I am very excited to share my interview with Dr. Brian Hales! I was surprised to learn that Brian was recently called as an expert witness in a Canadian polygamy case. Canadian officials wanted to learn more about Mormon fundamentalists in order to decide whether the Canadian law prohibiting polygamy was constitutional. It was ruled that the law was constitutional. It does bring up a few questions. Do you think polygamy ought to be legalized? Brian had an interesting point of view when combining polygamy with gay marriage.
…personally I don’t think that we should allow polygamy either in Canada or the United States, but my reason might be a little surprising to you, because in a country or government that allows same-sex marriage, and again I’m not speaking for or against that, but if we allow same-sex marriage and we allow polygamy, you could have networks of people, hundreds of people all married to each other in a variety of ways.
If the government privileged marriage, in other words if a married man and a married woman, whatever kind of marriage it is, if they have a privilege a single person doesn’t have, then everybody’s going to want to be married in some way. I think it would force the government to basically get out of the marrying business and leave it as a social construct or a religious agreement. But in doing that it would also take away any privilege for marriage which I think could harm the family. So that’s my reasoning for saying I don’t think we should have legal polygamy. I think a society can absorb polygamy on a small scale. It obviously can’t be practiced widely because of the differences in people, male and female, the gendered differences of being born, but I don’t think a society can absorb both of the expansions or marriage at the same time. I mean you can do same-sex marriage, or you can do polygamy. I don’t think it’s good for the family to do both.
I can’t help but think that early Mormon polygamists would have disagreed with Brian. I don’t think early Mormon polygamists would have called polygamy “anti-family.” I also remember an episode from Sister Wives in which Kody Brown and his wives supported gay marriage. What do you think?
In our 3rd episode, we talked about the earliest polygamy rumors in Kirtland. Brian noted that there were some allegations of polygamy as early as 1831, but he discounted those rumors.
The first accusation against the Latter-day Saints, they weren’t called that then, against the Mormons, the Mormonites, that they had embraced some alternate form of marriage, came in 1831. It was in conjunction with the Law of Consecration and it was basically not only do they share everything, they share wives. That was the accusation that came up.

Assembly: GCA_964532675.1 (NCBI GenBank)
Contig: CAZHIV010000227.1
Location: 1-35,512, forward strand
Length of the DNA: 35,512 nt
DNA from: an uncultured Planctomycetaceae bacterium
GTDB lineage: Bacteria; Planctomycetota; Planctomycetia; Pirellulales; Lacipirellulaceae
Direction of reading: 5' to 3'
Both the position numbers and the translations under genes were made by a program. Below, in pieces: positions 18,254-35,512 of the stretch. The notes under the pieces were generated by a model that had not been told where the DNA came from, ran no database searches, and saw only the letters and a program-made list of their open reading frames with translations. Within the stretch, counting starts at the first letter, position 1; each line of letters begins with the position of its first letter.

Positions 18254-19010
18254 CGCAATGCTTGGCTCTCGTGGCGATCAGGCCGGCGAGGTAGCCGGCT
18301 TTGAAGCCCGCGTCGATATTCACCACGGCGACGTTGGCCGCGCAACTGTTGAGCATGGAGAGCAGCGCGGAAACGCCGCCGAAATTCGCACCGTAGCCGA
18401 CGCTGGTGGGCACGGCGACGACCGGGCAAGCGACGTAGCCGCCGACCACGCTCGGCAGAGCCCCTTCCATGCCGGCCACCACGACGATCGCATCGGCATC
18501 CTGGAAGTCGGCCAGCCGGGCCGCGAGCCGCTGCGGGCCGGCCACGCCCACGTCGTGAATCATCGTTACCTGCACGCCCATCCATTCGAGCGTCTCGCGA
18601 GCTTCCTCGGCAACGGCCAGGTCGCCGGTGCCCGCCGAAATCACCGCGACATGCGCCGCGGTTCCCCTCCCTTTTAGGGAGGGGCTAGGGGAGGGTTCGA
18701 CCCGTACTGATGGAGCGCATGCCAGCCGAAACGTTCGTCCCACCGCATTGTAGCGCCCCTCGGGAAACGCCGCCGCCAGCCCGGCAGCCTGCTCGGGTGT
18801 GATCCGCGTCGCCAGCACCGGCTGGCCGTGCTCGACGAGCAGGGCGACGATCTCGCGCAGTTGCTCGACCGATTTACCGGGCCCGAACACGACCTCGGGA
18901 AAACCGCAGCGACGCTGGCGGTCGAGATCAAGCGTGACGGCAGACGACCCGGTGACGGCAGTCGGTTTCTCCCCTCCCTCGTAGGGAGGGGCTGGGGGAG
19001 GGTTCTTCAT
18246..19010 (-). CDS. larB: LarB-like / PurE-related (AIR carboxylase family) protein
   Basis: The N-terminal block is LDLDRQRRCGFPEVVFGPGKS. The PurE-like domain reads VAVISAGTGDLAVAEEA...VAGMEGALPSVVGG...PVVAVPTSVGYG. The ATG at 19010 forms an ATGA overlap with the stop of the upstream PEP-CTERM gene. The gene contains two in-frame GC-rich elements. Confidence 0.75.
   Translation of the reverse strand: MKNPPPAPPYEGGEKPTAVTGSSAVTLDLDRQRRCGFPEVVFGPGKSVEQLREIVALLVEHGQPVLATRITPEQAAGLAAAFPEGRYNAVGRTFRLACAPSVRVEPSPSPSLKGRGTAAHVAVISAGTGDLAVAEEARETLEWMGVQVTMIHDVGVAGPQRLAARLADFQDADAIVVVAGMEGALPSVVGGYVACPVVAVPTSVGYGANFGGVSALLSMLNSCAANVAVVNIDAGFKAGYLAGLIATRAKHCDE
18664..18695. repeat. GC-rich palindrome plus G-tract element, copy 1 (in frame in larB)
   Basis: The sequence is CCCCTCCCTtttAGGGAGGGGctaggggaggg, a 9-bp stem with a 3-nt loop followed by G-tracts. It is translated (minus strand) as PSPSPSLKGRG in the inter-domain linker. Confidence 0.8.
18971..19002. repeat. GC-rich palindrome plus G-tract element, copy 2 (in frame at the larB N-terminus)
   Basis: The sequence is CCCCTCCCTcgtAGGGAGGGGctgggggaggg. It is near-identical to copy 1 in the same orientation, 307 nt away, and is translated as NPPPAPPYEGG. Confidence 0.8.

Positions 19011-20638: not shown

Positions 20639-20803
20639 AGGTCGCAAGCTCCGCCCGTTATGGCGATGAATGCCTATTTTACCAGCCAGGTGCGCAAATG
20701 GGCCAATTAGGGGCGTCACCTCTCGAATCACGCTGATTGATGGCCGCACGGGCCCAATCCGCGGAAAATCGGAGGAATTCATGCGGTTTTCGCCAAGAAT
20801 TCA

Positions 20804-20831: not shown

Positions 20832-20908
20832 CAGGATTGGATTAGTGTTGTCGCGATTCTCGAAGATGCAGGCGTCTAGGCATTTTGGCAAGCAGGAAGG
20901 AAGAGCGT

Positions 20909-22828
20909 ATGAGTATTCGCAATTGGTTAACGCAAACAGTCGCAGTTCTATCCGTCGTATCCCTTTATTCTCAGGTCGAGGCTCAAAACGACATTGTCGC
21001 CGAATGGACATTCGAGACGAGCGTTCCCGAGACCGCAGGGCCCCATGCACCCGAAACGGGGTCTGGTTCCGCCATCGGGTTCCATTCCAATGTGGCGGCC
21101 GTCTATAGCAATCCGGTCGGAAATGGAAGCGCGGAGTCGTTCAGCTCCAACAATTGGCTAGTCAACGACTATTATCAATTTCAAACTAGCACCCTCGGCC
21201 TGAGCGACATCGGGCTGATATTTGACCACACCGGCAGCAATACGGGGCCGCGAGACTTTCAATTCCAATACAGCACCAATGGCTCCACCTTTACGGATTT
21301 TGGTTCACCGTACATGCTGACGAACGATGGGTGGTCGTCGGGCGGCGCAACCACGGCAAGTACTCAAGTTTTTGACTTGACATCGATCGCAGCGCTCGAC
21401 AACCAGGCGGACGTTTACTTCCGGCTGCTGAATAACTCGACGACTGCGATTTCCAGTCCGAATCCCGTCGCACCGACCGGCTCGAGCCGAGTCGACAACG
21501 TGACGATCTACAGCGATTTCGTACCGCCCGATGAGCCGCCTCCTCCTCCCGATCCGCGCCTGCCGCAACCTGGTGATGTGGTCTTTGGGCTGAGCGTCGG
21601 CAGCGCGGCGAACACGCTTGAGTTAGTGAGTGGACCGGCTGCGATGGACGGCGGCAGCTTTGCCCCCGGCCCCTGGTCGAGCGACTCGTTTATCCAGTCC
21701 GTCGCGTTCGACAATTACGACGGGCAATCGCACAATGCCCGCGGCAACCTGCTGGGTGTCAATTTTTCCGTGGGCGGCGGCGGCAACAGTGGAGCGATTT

Of course it’s easily refuted. There’s nothing to support that it was even thought of or discussed. So when people say they were talking about polygamy in Kirtland, I would really like to see the data on that, that this was really a response to polygamy because my research shows that there was, with respect to Joseph and Fanny Alger, discussion of adultery and that was the claim that everybody was worried about. I don’t find anybody discussing polygamy during that period.
Dr. Mark Staker noted that the Declaration on Marriage in 1835 prohibited polygamy, and may have been written by Oliver Cowdery. Brian didn’t seem to think that polygamy was an issue, despite its mention in the Declaration on Marriage.
They had published we think most of the book up to section 101, which is the Article on Marriage and that they’re having piles of all these papers around the printing office. So we think, or at least I think and I think Michael [Marquardt] agrees that the driver at that point was really that they just wanted to get official approval so that they could finish publishing the Doctrine & Covenants and so I don’t think that they were trying to do something backhanded with Joseph.
When Joseph came back there’s no evidence that he really disapproved of what had happened. In fact he quotes or refers to the Article on Marriage two or three times later when he is performing marriages. He said this declares our church’s belief which they had to have in writing in order for the elders of the church to be authorized by the state to perform state recognized marriages, so there were a number of things….
GT interrupts: So whether Oliver may have authored it or not, it didn’t seem like it bothered Joseph at all and he was fine with it. Is that safe to say?
Brian: I believe so. I’d have to refresh my memory, but what we do know is he could have had it rescinded but he also quoted it as authoritative and Michael Marquardt pointed this out to me I think he’s even published that somewhere that Joseph did consider it after the fact to be the official declaration of the church at that time.
But the real question I had dealt with possible discrepancies between D&C 132 and JST Genesis. The heading for D&C 132 says parts of the polygamy revelation may have been received as early as 1831 while Joseph was translating the Bible. D&C 132 says God commanded Abraham to take a polygamist wife Hagar. However, if it’s true that Joseph was retransling the bible to look for polygamy, doesn’t it seem strange that Joseph left the Bible story unchanged? The biblical account says Sarah was the driver of the marriage to Hagar, rather than God? How does Brian explain that discrepancy?
Brian: So for me to see the JST Genesis and that it doesn’t necessarily say what comes in 1843 doesn’t surprise me because of the line upon line, precept upon precept process.
Does it bother you that the biblical account doesn’t seem to agree with D&C 132? When do you think polygamy first started in Kirtland?